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Posted: 11/1/2009 8:56:08 AM EST
Apparently I've angered someone up high, who blessed me with two beautiful girls. They've created their own "get home bags" and are an active part of our mindset and planning. It's amazing what they can pick up at their age with some direction. Ultimately, they've asked me to teach them things like land navigation, how to start a fire, plant identification and so forth. I am not looking to pawn this opportunity with my kids off on someone else, but I can't help but think there's something more structured than me just talking off the top of my head. Boy Scouts would be perfect, but they don't allow females. Girl Scouts seems to do a great job of avoiding anything I consider practical. We are all committed to camping, hiking and getting outside more next year. Does anyone have any experience with a good overall training/learning regimen for kids between 8 and 12?
Link Posted: 11/1/2009 9:42:28 AM EST
In San Angelo, TX there was and probably still is a Boy Scout troop of girls. I learned of them when one of the moms and a couple of the "Boy" er Tomboy Scouts were in the grocery store.
Link Posted: 11/1/2009 10:29:28 AM EST
I gave up on Brownies for my daughter. Scouts were useless where I was when I was a kid anyway.

I work with my daughter myself. Go over basic compass work and then make treasure maps with rewards at the end. Give them the map and compass and let em loose. Its really fun to watch them work it out. My daughter now helps students in my Hunter Ed class figure out map and compass. She had to go to a mini Outward Bound type course before her freshmen year of high school and she about knew more than the instructors.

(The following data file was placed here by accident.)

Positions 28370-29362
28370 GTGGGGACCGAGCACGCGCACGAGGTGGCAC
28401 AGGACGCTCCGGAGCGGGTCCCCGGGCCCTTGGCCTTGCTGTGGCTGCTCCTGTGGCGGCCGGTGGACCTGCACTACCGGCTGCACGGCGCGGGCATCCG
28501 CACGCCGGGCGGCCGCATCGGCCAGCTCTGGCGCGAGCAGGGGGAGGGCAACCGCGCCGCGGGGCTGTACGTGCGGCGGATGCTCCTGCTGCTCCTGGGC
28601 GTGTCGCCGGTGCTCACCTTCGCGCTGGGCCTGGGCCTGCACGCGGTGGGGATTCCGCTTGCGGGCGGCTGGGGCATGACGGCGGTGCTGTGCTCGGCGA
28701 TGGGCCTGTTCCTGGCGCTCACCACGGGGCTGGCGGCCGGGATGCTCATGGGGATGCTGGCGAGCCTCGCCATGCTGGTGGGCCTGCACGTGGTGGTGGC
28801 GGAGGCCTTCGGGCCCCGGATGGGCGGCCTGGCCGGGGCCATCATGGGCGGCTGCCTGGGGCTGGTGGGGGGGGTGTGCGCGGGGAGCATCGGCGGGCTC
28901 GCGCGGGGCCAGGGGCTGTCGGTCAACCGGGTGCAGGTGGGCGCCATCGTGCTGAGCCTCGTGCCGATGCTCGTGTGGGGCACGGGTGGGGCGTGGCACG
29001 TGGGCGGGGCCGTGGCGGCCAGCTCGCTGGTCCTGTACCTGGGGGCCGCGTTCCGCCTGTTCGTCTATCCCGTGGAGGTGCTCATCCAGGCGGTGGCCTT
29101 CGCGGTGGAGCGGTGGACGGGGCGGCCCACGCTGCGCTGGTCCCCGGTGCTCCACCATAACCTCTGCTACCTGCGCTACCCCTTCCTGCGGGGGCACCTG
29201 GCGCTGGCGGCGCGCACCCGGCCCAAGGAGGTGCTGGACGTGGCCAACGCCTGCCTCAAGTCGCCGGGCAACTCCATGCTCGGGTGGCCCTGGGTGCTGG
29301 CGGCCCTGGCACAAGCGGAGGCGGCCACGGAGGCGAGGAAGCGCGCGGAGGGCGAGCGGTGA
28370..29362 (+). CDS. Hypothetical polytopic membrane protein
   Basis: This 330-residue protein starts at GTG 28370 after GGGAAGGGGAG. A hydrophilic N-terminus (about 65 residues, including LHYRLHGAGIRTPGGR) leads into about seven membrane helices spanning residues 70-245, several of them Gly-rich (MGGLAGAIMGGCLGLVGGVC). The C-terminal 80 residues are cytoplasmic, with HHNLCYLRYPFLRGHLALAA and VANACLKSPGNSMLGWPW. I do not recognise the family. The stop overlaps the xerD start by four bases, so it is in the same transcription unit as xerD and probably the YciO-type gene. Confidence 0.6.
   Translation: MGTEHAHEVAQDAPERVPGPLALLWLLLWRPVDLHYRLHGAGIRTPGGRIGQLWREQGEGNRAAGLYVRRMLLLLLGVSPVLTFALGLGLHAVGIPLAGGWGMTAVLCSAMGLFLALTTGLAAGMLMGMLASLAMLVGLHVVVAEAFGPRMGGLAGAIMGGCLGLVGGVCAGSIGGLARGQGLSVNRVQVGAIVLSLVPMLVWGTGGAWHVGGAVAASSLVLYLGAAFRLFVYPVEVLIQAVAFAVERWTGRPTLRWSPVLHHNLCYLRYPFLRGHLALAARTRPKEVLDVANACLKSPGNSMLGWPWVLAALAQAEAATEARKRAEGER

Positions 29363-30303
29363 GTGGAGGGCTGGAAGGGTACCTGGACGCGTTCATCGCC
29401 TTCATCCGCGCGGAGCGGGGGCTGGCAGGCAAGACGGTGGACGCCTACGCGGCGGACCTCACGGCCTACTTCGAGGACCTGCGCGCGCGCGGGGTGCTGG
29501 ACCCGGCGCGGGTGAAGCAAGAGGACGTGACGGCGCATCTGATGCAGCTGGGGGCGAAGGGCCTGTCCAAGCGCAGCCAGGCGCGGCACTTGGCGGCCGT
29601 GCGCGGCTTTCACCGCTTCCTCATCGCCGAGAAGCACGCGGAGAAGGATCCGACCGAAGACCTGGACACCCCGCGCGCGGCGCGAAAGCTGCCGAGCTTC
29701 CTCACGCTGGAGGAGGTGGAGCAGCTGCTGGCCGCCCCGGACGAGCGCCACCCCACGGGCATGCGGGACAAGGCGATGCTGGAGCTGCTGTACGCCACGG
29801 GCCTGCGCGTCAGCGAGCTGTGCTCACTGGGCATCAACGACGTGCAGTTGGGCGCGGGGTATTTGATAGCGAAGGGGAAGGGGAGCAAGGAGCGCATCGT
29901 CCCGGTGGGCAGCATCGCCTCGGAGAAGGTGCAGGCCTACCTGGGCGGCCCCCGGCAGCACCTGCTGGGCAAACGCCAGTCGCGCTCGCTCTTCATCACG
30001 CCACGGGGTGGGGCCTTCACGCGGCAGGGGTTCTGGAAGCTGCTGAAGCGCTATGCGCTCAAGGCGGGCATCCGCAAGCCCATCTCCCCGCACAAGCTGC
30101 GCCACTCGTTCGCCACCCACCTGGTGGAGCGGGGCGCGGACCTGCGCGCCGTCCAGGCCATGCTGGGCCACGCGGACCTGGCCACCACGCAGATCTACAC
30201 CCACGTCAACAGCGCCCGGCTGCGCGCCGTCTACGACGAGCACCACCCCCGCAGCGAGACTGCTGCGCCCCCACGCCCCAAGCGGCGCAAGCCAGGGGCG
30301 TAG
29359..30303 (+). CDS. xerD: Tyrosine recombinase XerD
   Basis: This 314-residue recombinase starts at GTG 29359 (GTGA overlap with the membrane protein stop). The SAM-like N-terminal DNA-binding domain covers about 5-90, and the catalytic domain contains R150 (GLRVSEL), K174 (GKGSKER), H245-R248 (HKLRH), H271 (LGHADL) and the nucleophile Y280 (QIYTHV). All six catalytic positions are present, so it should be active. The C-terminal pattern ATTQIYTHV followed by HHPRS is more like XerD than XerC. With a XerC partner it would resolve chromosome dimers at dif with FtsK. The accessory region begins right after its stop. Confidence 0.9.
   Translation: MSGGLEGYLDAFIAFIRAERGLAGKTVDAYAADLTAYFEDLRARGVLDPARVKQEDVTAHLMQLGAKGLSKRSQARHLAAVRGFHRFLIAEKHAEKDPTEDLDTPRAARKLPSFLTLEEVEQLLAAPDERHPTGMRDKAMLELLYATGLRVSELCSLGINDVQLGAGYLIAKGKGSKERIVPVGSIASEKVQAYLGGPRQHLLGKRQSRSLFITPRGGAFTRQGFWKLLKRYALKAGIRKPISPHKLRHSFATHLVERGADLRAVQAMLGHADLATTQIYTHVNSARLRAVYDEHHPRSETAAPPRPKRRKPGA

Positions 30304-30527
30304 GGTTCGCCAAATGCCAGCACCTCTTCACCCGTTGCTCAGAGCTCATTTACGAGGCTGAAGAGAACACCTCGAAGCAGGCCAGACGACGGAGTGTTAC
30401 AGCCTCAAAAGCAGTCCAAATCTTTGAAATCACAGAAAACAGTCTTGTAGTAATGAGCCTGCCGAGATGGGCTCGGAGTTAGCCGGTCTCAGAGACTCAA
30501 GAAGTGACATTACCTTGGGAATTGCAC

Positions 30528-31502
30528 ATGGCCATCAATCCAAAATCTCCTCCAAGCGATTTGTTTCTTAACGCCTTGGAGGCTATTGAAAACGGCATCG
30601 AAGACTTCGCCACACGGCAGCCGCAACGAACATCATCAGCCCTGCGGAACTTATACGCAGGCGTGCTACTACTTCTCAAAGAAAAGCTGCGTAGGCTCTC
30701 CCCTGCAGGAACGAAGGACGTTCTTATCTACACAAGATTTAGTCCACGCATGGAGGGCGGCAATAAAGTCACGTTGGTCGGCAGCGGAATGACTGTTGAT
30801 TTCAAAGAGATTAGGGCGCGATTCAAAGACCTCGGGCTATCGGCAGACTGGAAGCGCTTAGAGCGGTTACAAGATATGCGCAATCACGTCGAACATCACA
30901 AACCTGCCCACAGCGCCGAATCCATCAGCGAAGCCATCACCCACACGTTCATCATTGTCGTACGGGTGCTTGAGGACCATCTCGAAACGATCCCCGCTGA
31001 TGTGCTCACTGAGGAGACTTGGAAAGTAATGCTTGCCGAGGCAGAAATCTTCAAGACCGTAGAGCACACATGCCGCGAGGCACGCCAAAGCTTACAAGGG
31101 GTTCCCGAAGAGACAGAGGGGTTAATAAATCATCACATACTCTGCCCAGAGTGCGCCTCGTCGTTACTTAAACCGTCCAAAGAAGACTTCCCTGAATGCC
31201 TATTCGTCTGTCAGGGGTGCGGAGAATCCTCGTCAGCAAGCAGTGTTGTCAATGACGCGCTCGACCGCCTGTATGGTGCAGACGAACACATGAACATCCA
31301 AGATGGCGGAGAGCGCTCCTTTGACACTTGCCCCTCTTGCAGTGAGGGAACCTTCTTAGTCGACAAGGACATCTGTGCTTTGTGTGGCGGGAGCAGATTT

She has been in charge of lighting the woodstove at camp since she was about 8. Then on wet drizzly days I give her two matches and a knife and have her light a fire in the fire pit. She can light a fire with flint and steel, but has not masterd the bow drill.

Spend the time yourself with your daughters.... they will be able to do anything the boys can do and will be more attentive to learning.

Link Posted: 11/1/2009 12:29:01 PM EST
look into see if the have explorers she might be a little young but its somthing to look inyo for later.
i was a see explorer alog with scouts and i larend more in one season of sailing on a 47' sloop than i did in ten years of scouts.

my scout troop was one of the best in the region for 11 years but couldnt hold a candle to the sea explores i was in.

Link Posted: 11/1/2009 5:07:30 PM EST
Check out the CAP. Civil Air Patrol.
I can't remember the starting age, but goes all the way through High School.
If you can find a good active squadron in your area, that has a good ground search and rescue team, there are a lot of good learning opportunities.
I was a ground team commander for a few years.

The kids learn things such as, map and compass use, ground navigation, basic survival skills, basic military command structure and function, ground to air signaling, radio communications, basic first aid and cpr, crash site security, etc...
The purpose of the ground team in CAP is to conduct a ground search (and if appropriate) rescue in the event of an airplane crash in their area of operations.
Also, If they are so inclined, and stay with it (and progress) they can learn to fly, and get a head start on an officers position in the USAF after high school.

May not be your (or their) cup of tea but it might be something to think about.
Link Posted: 11/2/2009 4:10:57 AM EST
Start a camp out in your area. See guidelines at the top of this forum. Encourage people to bring their kids. Set aside times for the parents to teach the kids. One father might teach land nav a completely different way than you do. Maybe one of the mothers can teach canning. Kids will learn differently when someone other than their parents are teaching, and they'll have more fun if other kids their own age are there.
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